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South Side Sox Top Prospect No. 3: Nick Madrigal

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Our top second base prospect is still a rookie, just barely missing the cut to graduate from this list

Chicago White Sox Workout Ron Vesely/Getty Images

Nick Madrigal

Second Baseman
5´7´´
165 pounds
Age: 24
SSS rank among all second basemen in the system: 1
2021 SSS Top Prospect Vote: 4
2020 SSHP Top Prospect Ranking: 4
2019 SSS Top Prospect Ranking: 5

Nick Madrigal enjoyed a terrific run with Oregon State University, which culminated in a NCAA World Series championship. For his sophomore season, he slashed .380/.449/.532 in 60 games with 20 doubles, two triples, four homers, 40 RBIs, 16 stolen bases, 27 walks (9.6%) and 16 strikeouts (5.7%).

Despite missing much time to a broken wrist early during his junior year, Madrigal still managed to slash .367/.428/.511 in 42 games last year with nine doubles, four triples, three homers, 34 RBIs, 15 stolen bases, 16 walks (8.0%) and just seven strikeouts (3.5%).

Due to his unique combination of speed, defense and hitting ability, the diminutive Madrigal was selected by the White Sox with the fourth overall pick in the 2018 draft.

Madrigal played for three affiliates after signing (AZL, Kannapolis and Winston-Salem) and fared reasonably well for his first professional season. In 43 combined games in 2018 totaling 155 at-bats, he slashed .303/.353/.348 with seven doubles, 16 RBIs, eight stolen bases, seven walks (4.0%) and five strikeouts (2.9%).

Madrigal also played for three squads in 2019 (Winston-Salem, Birmingham and Charlotte). Ironically, the least success he enjoyed came with the Dash, where he still posted a respectable .272/.346/.377 line in 49 games with 10 doubles, two triples, two homers, 27 RBIs, 17 stolen bases, 17 walks (7.8%) and six strikeouts (2.8%).

After being promoted to Birmingham on June 6, he slashed an impressive .341/.400/.451 in 42 games, including 11 doubles, two triples, one homer, 16 RBIs, 14 stolen bases, 14 walks (7.8%) and just five strikeouts (2.8%).

Finally, for an encore, Madrigal was promoted to Charlotte where he slashed .331/.398/.424 in 29 games with six doubles, one triple, one homer, 12 RBIs, four stolen bases, 13 walks (9.7%) and five strikeouts (3.7%). For the year, Madrigal combined to slash .311/.377/.414 in 120 games with 27 doubles, five triples, four homers, 55 RBIs, 35 stolen bases, 44 walks (8.3%) and 16 strikeouts (3.0%).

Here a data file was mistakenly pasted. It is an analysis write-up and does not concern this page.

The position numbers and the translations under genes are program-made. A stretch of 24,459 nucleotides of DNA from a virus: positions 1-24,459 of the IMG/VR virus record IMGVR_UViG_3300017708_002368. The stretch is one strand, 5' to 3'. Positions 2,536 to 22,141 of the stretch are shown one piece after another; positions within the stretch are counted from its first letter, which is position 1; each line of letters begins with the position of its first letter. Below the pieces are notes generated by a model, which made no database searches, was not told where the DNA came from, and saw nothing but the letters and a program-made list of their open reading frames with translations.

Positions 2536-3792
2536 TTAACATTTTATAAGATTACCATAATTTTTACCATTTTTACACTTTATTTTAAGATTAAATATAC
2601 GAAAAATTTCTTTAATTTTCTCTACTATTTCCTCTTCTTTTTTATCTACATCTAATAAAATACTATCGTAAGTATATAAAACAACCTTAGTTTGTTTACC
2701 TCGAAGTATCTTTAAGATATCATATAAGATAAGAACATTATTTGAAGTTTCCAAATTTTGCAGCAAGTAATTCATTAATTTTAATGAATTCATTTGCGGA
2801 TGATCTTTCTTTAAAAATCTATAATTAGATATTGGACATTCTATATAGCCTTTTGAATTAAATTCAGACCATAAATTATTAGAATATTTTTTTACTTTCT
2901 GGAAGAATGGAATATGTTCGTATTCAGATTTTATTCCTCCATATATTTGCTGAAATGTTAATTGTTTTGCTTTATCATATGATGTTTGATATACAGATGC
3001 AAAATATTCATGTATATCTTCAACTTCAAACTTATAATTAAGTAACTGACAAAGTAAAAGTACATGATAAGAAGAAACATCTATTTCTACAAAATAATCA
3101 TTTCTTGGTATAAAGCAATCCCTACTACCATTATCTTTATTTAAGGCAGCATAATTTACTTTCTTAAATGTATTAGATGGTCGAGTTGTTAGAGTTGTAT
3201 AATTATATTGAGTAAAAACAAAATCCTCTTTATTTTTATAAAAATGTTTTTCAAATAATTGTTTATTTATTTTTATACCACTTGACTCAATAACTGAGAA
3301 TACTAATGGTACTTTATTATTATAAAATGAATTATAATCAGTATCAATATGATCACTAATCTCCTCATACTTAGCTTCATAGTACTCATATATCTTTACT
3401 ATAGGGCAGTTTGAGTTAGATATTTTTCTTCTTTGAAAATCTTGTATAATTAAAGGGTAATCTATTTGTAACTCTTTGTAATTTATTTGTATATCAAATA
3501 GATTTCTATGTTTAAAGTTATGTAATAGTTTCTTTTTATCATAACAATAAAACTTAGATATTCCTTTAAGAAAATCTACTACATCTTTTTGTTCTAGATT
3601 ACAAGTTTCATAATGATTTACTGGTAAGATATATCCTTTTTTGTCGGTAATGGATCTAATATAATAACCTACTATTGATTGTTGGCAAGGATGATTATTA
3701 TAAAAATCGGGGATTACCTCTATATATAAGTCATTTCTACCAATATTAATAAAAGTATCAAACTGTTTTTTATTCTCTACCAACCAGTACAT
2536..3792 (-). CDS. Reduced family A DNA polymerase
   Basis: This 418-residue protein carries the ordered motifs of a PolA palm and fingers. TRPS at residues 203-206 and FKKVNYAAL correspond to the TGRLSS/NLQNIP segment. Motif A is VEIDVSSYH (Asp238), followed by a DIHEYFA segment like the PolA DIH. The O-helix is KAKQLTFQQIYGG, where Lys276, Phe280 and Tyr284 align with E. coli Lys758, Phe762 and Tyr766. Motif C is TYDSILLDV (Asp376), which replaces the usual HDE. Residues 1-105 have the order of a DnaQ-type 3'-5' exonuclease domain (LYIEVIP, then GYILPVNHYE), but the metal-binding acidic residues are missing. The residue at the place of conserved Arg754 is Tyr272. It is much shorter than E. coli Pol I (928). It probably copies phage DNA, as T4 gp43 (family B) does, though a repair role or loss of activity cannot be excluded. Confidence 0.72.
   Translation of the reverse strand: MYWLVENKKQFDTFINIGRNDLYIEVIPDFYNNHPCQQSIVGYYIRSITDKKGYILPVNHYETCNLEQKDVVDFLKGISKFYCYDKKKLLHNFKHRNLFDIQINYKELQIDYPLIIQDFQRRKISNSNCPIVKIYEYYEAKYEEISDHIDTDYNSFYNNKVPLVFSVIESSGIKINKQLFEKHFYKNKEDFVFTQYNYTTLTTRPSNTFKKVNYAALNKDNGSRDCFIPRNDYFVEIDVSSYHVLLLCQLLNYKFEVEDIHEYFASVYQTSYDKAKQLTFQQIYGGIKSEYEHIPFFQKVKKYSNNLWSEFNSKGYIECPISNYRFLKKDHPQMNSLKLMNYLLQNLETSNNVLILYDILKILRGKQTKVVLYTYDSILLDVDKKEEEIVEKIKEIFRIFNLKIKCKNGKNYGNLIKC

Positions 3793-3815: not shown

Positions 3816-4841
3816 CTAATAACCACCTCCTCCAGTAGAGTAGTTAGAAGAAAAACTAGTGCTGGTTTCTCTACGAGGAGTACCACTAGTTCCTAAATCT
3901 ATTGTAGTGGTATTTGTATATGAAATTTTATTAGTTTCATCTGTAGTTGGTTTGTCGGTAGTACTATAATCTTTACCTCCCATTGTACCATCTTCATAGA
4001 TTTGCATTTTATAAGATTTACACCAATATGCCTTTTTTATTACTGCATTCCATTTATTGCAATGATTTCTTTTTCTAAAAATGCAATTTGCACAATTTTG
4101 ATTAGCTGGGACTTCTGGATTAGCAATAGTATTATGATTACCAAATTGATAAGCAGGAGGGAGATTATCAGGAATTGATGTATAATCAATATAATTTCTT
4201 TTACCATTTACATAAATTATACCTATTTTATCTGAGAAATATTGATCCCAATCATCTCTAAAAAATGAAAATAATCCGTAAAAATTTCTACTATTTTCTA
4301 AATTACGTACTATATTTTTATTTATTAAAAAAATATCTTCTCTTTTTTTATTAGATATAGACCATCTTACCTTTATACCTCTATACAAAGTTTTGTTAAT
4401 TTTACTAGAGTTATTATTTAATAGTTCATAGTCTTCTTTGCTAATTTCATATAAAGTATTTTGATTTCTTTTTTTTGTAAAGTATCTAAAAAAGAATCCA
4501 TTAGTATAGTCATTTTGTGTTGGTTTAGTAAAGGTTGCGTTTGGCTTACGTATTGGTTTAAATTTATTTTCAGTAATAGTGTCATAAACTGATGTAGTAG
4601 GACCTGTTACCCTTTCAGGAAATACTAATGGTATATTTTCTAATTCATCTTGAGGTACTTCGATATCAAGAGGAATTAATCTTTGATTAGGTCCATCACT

MLB Pipeline ranks Madrigal hit tool at 65, which actually seems conservative, while his fielding and run skills are also graded highly at 60. This year, Madrigal won the minor league Gold Glove award for second base — which likely had something to do with his terrific range and his committing only four errors in 488 chances (just one error in 77 games with Birmingham and Charlotte). Madrigal’s arm is graded 50 by MLB Pipeline, which is satisfactory for second base, while his power grades out weakest, at 40. FanGraphs also published an excellent piece regarding the difficulties of evaluating Madrigal’s abilities.

After “seasoning” just long enough to surrender another year of control to the White Sox, Madrigal was called up in 2020, immediately inserted as the starting second baseman. Unfortunately, an ill-fated slide into third base separated his shoulder on August 4, just five games into his career.

Madrigal came back on August 29 and played the remainder of the season, at a 2.5-3.0 WAR pace — not a bad almost-rookie year, in the least. He flashed no power, with just three of 35 hits on the season for extra bases, and those all doubles.

Madrigal had offseason surgery to correct his shoulder, which gave him a slightly late start to spring training. But he is penciled in as the White Sox second base starter for, give or take, the rest of the 2020s.